When you are in such a sorry state as this, then, gaping for men to praise you, and counting the number of your audience, is it your wish to do good to others? "To-day I had a much larger audience." "Yes, indeed, there were great numbers." "Five hundred, I fancy." "Nonsense, make it a thousand." "Dio never had so large an audience." "How could you expect him to?" "Yes, and they are clever at catching the points." "Beauty, sir, can move even a stone."[3] 20There are the words of a philosopher for you! That's the feeling of one who is on his way to do good to men! There you have a man who has listened to reason, who has read the accounts of Socrates as coming from Socrates, not as though they were from Lysias, or Isocrates! "'I have often wondered by what arguments ever'—no, but 'by what argument ever'—this form is smoother than the other!"[4] You have been reading this literature just as you would music-hall songs, haven't you? Because, if you had read them in the right way, you would not have lingered on these points, but this is the sort of thing rather that would have caught your eye: "Anytus and Meletus can kill me, but they cannot hurt me";[5] and: "I have always been the kind of man to pay attention to none of my own affairs, but only to the argument which strikes me as best upon reflection."[6] And for that reason who ever heard Socrates saying, "I know something and teach it"? But he used to send one person here and another there.[7] Therefore men used to go to him to have him introduce them to philosophers,[8] and he used to take them around and introduce them. But no, your idea of him, no doubt, is that, as he was taking them along, he used to say, "Come around to-day and hear me deliver a discourse in the house of Quadratus"![9]

Why should I listen to you? Do you want to exhibit to me the clever way in which you put words together? You do compose them cleverly, man; and what good is it to you? "But praise me." What do you mean by "praise"? "Cry out to me, 'Bravo!' or 'Marvellous!'" All right, I'll say it. But if praise is some one of those things which the philosophers put in the category of the good, what praise can I give you? If it is a good thing to speak correctly, teach me and I will praise you. 25What then? Ought one to take no pleasure in listening to such efforts? Far from it. I do not fail to take pleasure in listening to a citharoede; surely I am not bound for that reason to stand and sing to my own accompaniment on the harp, am I? Listen, what does Socrates say? "Nor would it be seemly for me, O men of Athens, at my time of life to appear before you like some lad, and weave a cunning discourse."[10] "Like some lad," he says. For it is indeed a dainty thing, this small art of selecting trivial phrases and putting them together, and of coming forward and reading or reciting them gracefully, and then in the midst of the delivery shouting out, "There are not many people who can follow this, by your lives, I swear it!"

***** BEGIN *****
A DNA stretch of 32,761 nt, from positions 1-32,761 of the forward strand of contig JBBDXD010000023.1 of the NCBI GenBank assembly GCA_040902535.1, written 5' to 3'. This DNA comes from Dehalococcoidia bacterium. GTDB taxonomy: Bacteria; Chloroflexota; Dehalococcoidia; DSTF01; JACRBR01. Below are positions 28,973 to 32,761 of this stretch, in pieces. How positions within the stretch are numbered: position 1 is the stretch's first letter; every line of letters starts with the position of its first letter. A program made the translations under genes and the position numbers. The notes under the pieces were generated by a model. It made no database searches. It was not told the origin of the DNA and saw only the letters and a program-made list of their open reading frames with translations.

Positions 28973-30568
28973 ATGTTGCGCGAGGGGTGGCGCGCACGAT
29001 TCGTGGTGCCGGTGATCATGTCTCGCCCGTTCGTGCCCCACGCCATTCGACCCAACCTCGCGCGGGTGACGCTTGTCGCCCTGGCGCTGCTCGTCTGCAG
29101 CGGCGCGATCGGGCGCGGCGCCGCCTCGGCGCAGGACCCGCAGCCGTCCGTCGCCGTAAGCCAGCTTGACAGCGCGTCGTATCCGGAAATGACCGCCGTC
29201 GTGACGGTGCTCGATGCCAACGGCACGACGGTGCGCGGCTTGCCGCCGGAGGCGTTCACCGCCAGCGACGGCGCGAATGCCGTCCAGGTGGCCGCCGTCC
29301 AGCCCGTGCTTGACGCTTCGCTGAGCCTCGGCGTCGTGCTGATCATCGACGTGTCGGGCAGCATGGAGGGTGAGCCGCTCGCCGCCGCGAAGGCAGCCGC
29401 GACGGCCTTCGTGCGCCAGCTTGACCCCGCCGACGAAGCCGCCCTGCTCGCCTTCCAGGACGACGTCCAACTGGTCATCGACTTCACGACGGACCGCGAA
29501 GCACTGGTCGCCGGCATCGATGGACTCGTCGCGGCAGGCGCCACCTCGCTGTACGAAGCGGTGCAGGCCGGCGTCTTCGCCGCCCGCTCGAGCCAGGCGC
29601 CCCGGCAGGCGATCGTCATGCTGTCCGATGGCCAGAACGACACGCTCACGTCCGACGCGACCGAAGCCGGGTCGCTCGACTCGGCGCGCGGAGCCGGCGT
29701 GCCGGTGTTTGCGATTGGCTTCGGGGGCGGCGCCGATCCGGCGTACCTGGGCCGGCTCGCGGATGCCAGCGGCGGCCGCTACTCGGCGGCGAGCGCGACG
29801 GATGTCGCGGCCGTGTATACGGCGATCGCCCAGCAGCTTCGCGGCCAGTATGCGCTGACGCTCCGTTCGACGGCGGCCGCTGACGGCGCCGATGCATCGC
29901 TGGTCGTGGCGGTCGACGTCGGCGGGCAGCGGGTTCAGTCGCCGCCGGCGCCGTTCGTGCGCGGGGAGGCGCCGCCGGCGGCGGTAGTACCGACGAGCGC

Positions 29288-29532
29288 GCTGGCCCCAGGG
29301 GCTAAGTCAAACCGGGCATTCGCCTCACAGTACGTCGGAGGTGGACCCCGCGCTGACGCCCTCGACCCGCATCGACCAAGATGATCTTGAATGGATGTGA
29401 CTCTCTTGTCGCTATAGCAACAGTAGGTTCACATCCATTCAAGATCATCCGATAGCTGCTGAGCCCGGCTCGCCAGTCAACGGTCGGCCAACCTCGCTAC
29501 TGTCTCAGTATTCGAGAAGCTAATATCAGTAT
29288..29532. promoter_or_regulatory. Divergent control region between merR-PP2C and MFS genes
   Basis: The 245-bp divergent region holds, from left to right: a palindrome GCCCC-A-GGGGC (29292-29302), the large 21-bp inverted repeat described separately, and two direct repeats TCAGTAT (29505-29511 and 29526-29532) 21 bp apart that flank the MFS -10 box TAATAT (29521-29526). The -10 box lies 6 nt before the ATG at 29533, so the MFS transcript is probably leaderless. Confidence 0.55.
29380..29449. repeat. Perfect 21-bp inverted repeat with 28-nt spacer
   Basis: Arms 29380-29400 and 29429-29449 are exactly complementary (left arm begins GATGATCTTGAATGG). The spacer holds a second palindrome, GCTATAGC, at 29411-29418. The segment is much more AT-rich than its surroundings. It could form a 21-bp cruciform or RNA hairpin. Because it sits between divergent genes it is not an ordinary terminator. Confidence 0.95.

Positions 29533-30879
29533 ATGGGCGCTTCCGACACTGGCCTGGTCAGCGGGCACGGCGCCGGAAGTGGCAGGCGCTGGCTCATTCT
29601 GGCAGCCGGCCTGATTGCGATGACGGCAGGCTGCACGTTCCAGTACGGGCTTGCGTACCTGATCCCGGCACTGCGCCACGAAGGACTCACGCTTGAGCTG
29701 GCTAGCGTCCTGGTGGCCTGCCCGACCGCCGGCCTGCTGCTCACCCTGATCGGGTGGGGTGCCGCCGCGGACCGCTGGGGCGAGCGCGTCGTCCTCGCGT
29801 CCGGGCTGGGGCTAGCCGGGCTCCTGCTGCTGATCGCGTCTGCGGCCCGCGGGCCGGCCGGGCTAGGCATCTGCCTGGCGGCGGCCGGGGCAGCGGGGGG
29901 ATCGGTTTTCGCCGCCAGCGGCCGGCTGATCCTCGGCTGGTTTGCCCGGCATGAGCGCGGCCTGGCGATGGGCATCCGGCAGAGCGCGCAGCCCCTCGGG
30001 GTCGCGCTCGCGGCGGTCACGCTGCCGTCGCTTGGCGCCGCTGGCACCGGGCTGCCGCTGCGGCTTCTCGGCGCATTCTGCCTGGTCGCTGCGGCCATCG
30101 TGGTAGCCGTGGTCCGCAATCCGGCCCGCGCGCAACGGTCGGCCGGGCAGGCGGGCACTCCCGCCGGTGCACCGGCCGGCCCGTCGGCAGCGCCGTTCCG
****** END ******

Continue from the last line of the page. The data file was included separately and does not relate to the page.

Does a philosopher invite people to a lecture?—Is it not rather the case that, as the sun draws its own sustenance to itself,[11] so he also draws to himself those to whom he is to do good? What physician ever invites a patient to come and be healed by him? Although I am told that in these days the physicians in Rome do advertise; however, in my time they were called in[12] by their patients. "I invite you to come and hear that you are in a bad way, and that you are concerned with anything rather than what you should be concerned with, and that you are ignorant of the good and the evil, and are wretched and miserable." That's a fine invitation! And yet if the philosopher's discourse does not produce this effect, it is lifeless and so is the speaker himself Rufus used to say, "If you have nothing better to do than to praise me, then I am speaking to no purpose."[13] Wherefore he spoke in such a way that each of us as we sat there fancied someone had gone to Rufus and told him of our faults; so effective was his grasp of what men actually do, so vividly did he set before each man's eyes his particular weaknesses.

30Men, the lecture-room of the philosopher is a hospital;[14] you ought not to walk out of it in pleasure, but in pain. For you are not well when you come; one man has a dislocated shoulder, another an abscess, another a fistula, another a headache. And then am I to sit down and recite to you dainty little notions and clever little mottoes, so that you will go out with words of praise on your lips, one man carrying away his shoulder just as it was when he came in, another his head in the same state, another his fistula, another his abscess? And so it's for this, is it, that young men are to travel from home, and leave their parents, their friends, their relatives, and their bit of property, merely to cry "Bravo!" as you recite your clever little mottoes? Was this what Socrates used to do, or Zeno, or Cleanthes?